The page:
The effect of pressure on combustion and heat transfer is analyzed. The research is based on the basic combustion and heat transfer theorem. A correction for the heat calculation method for pressurized furnace is made on the basis of the normal pressure case. The correction takes the effect of pressurizing into account. The results show that the correction is reasonable and the method is applicable to combustion and heat transfer of the marine supercharged boiler.

  9. Investigation of pressurized combustion and characterization of solid fuels

    Energy Technology Data Exchange (ETDEWEB)

    Aho, M; Haemaelaeinen, J; Paakkinen, K [VTT Energy, Espoo (Finland); Joutsenoja, T [Tampere Univ. of Technology (Finland)

    1997-10-01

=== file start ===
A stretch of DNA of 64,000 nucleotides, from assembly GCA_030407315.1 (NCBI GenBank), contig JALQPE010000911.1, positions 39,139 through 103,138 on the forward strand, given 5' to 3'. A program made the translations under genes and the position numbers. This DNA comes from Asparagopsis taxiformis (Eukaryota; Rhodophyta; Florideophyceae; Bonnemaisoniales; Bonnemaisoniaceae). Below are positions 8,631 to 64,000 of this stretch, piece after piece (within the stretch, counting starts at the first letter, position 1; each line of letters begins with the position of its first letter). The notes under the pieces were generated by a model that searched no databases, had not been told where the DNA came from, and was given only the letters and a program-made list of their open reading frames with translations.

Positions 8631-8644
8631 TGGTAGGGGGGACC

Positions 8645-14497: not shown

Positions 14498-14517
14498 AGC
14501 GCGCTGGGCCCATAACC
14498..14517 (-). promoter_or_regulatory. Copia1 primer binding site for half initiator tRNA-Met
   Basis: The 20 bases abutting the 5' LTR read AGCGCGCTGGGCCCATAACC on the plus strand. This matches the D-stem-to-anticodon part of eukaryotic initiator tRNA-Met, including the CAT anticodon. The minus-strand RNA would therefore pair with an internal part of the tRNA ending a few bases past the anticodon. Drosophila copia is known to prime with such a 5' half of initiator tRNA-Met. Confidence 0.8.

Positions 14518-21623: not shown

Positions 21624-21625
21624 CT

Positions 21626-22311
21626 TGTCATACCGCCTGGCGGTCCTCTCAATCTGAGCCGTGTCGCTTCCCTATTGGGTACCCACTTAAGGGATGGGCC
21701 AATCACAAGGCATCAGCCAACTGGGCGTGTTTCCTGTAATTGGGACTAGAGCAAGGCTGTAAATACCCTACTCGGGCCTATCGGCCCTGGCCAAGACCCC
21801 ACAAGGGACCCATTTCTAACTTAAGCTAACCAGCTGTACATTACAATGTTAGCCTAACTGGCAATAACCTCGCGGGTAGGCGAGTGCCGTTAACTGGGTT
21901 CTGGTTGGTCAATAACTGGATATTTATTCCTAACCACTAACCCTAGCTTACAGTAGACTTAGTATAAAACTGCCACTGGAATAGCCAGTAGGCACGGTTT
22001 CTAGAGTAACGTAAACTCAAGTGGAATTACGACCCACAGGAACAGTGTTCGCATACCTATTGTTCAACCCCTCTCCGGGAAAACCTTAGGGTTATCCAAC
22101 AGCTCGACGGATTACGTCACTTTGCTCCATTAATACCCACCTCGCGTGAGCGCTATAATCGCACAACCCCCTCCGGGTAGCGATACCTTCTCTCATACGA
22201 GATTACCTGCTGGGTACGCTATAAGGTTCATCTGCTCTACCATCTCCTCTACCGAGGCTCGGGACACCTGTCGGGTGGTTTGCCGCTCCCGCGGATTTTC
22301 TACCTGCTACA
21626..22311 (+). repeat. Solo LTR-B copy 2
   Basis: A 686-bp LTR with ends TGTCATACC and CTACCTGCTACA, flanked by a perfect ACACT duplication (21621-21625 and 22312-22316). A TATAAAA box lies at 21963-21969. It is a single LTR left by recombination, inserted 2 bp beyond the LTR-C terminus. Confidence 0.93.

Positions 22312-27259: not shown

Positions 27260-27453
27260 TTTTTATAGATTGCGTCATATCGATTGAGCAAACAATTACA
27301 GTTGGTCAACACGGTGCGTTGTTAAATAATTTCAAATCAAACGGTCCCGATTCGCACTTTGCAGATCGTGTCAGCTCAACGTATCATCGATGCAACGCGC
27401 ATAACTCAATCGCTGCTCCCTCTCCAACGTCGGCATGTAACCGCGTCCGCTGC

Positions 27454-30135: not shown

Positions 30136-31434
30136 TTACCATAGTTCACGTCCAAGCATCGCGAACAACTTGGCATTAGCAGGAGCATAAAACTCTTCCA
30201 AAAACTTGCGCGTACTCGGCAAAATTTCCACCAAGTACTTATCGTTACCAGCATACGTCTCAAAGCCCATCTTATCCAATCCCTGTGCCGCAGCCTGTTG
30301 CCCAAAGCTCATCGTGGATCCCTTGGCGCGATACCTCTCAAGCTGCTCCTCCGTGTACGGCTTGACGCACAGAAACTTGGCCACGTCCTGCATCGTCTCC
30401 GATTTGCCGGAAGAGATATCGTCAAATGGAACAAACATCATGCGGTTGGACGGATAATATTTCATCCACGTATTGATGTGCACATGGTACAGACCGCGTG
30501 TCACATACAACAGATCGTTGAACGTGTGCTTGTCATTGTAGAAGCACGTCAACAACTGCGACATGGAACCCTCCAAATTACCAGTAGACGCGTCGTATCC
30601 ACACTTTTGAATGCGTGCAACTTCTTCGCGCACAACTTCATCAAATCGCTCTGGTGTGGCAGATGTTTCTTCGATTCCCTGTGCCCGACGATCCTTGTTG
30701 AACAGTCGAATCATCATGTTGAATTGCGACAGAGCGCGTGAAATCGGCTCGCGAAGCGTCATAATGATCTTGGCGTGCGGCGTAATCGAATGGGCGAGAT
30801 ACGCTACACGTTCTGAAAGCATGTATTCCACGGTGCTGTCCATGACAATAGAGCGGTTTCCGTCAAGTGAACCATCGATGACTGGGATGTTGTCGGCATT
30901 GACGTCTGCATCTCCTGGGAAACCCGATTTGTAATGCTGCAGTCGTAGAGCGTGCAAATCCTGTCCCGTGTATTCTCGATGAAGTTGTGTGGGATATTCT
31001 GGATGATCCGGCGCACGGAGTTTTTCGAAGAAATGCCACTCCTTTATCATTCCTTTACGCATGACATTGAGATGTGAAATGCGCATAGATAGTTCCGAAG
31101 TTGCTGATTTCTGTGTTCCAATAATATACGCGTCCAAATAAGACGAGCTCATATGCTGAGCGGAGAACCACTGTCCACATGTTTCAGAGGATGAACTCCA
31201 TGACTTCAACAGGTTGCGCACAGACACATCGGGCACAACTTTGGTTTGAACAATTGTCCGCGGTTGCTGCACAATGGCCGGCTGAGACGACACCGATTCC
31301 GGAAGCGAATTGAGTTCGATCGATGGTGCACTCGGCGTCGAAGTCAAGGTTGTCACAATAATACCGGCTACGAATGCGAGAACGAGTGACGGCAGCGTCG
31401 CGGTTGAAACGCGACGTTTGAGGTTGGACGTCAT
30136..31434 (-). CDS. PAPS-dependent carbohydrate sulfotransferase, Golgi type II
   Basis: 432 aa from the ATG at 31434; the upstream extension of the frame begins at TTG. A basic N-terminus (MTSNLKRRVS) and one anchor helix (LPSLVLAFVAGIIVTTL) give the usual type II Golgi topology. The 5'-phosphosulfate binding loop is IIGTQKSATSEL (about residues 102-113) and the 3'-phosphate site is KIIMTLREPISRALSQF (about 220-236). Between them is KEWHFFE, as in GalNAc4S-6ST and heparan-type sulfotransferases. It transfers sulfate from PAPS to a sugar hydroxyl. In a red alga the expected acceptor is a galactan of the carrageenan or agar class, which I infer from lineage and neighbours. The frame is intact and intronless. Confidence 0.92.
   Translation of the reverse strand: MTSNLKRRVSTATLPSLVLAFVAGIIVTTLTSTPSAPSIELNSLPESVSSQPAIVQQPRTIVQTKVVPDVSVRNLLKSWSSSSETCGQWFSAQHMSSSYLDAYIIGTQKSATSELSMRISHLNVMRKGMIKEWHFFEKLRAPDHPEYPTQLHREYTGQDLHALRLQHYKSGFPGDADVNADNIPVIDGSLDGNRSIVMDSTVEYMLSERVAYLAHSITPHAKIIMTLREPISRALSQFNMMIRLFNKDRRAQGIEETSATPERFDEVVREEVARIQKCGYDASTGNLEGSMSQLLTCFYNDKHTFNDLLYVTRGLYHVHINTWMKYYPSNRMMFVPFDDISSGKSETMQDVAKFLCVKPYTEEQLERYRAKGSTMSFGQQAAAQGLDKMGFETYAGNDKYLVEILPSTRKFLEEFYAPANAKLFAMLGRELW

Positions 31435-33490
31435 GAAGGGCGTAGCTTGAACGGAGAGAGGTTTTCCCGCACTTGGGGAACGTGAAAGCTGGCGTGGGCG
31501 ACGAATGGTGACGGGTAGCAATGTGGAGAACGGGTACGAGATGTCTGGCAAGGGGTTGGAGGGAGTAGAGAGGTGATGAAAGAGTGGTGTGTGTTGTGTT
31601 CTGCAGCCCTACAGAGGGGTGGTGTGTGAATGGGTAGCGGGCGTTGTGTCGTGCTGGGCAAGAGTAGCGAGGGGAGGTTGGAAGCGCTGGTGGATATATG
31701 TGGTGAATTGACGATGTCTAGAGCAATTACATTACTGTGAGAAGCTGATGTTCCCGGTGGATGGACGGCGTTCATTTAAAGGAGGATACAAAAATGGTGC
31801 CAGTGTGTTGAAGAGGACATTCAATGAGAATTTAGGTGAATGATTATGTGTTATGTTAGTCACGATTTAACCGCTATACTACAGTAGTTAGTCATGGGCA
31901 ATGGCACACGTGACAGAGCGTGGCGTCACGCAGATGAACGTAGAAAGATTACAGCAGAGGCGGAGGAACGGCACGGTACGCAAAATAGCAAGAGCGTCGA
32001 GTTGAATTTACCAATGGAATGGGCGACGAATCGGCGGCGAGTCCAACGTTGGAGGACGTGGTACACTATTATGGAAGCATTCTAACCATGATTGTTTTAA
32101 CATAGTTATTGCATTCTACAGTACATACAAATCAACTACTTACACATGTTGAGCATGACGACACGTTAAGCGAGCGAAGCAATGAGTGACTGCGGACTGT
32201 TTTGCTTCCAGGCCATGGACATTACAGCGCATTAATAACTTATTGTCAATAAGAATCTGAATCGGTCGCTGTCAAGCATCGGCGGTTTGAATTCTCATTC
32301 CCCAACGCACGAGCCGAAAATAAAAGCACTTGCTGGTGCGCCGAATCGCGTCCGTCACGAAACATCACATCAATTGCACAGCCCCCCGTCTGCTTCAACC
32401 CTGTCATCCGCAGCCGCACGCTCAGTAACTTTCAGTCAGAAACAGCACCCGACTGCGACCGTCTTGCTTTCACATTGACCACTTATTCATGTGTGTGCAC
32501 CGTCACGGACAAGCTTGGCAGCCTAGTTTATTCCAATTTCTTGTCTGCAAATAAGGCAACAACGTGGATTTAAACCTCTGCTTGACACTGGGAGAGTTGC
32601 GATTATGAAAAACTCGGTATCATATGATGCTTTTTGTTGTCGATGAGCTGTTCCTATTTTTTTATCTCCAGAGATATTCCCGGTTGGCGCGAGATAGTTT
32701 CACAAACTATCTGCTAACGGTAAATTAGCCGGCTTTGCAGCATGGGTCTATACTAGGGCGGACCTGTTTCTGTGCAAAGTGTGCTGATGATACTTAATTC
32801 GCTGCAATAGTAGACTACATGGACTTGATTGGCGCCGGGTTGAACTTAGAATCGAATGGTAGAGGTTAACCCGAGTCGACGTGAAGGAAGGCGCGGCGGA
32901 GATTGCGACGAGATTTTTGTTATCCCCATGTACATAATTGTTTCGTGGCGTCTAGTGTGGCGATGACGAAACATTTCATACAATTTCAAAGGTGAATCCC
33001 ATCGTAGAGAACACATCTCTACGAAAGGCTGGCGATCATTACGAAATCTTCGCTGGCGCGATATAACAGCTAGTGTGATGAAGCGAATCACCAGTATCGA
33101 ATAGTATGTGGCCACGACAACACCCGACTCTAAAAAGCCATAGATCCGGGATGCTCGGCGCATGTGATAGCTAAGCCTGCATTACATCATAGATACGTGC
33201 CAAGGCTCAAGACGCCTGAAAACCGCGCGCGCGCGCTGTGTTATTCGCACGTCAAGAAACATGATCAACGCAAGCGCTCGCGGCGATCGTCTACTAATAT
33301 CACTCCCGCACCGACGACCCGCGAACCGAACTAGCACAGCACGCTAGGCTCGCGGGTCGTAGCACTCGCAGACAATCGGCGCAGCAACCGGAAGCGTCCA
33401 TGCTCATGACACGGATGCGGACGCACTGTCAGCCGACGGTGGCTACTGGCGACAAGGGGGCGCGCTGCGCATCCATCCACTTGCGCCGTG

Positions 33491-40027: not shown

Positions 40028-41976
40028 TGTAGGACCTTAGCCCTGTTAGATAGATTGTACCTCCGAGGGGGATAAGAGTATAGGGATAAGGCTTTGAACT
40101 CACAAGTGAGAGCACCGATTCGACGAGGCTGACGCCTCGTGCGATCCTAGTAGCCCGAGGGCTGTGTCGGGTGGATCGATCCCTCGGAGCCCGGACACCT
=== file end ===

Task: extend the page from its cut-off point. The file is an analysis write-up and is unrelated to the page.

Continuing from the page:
The objective of the research of Technical Research Centre of Finland (VTT) was to produce results of the effects of pressure and other important parameters on the combustion of pulverized coals using both experimental and theoretical methods. The results can be utilized to model pressurized combustion and to plan pilot-scale reactors. The studied coals were Polish hvb coal, French lignite (Gardanne), German anthracite (Niederberg) and German (Goettelborn) hvb coal. In was originally planned to study also a char of one of these coals. However, anthracite was selected instead of char, because the theoretical studies predicted maximum pressure effect to be found for antracite-type coals (with low reactivity and low content of volatiles). The pulverized coal samples were combusted in an electrically heated, pressurized entrained flow reactor (PEFR), where the experimental conditions were controlled with a high precision. The studied particle size fractions were 100-125 Em and 140-180 Am for anthracite and 140-180 {mu}m for the other coals. The studied things were combustion rates and temperatures of burning particles. Two types of sets of experiments were carried out. In the first case, experimental planning was done and the results were handled with multivariable partial least squares (PLS) method. Gas temperature varied from 1073K to 1473K and pressure from 0.2 MPa to 0.8 MPa. The other variables were PO2 and PCO{sub 2}. Some of the experiments were carried out at conditions prevailing during flue gas recirculation (CO{sub 2} concentration was > 20 vol%). In the second case, oxygen concentration was kept constant ( 10 vol%) and pressure was varied from 0.2 MPa to 0.8 MPa with an interval of 0.1 MPa